AUSTRALIA AND INDONESIA SIGN COMPREHENSIVE ECONOMIC PARTNERSHIP AGREEMENT

On 4 March 2019, Australia and Indonesia signed the Australia-Indonesia Comprehensive Economic Partnership Agreement (“CEPA“). In this post, we briefly consider some of the noteworthy features of the CEPA chapter on investment and in particular its provisions regarding investor-State dispute settlement (“ISDS“).

Indonesia and Australia signed a bilateral investment treaty (“BIT“) containing ISDS provisions in 1992. Both States are also party to the ASEAN-Australia- New Zealand Free Trade Agreement (“AANZFTA”), signed by Australia in 2009 and Indonesia in 2012, which contains an investment chapter.

As we reported in a previous post, Indonesia announced in 2015 that it would seek to renegotiate and replace its older investment treaties with more modern agreements. The Australia-Indonesia BIT, however, will remain in force even after CEPA enters into force. This is in contrast to the Hong Kong-Australia Free Trade Agreement signed this week (see our post here) pursuant to which Australia and Hong Kong have agreed to terminate the Hong Kong-Australia BIT, which was signed in 1993 and became infamous in Australia after Philip Morris used the treaty to commence arbitration against Australia challenging the Tobacco Plain Packaging Act 2011.

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AUSTRALIA AND HONG KONG SIGN NEW TRADE AGREEMENT CONTAINING INVESTOR-STATE DISPUTE RESOLUTION PROVISIONS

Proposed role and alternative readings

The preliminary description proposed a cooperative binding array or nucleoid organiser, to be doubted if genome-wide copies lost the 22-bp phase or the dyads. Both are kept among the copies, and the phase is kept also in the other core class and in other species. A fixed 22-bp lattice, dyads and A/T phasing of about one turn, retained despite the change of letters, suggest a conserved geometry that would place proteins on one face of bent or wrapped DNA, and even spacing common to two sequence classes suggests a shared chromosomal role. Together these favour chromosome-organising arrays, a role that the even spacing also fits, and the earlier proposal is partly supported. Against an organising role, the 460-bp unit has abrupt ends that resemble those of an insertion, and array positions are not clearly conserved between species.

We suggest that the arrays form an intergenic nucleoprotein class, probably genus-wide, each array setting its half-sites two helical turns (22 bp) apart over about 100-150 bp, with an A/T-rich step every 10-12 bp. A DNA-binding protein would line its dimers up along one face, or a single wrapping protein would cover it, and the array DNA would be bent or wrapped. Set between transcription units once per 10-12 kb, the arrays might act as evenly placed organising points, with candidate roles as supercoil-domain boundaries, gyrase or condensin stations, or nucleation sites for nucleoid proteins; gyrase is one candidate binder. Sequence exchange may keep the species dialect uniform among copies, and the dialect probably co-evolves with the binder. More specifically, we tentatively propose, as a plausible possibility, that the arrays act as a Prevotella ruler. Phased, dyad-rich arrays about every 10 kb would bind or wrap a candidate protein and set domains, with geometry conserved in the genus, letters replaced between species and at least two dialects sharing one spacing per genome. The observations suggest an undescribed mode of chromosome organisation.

On 26 March 2019, Australia and Hong Kong signed the Australia-Hong Kong Free Trade Agreement (A-HKFTA) and its associated Investment Agreement (Agreement).

These agreements were negotiated against the background of a heated political debate in Australia regarding the benefits and risks of investment treaties. This debate occurred as a result of an arbitration brought against Australia by Philip Morris in 2011 under the 1993 Hong Kong-Australia Bilateral Investment Treaty (1993 BIT), challenging the introduction of the Tobacco Plain Packaging Act 2011 (Cth).

The 1993 BIT will be replaced by the new Agreement once it enters into force, which is expected to occur after both countries complete their respective treaty-making processes and ratify the agreements. Accordingly, investors who may have a claim under the 1993 BIT should consider whether to pursue it before that treaty is terminated.

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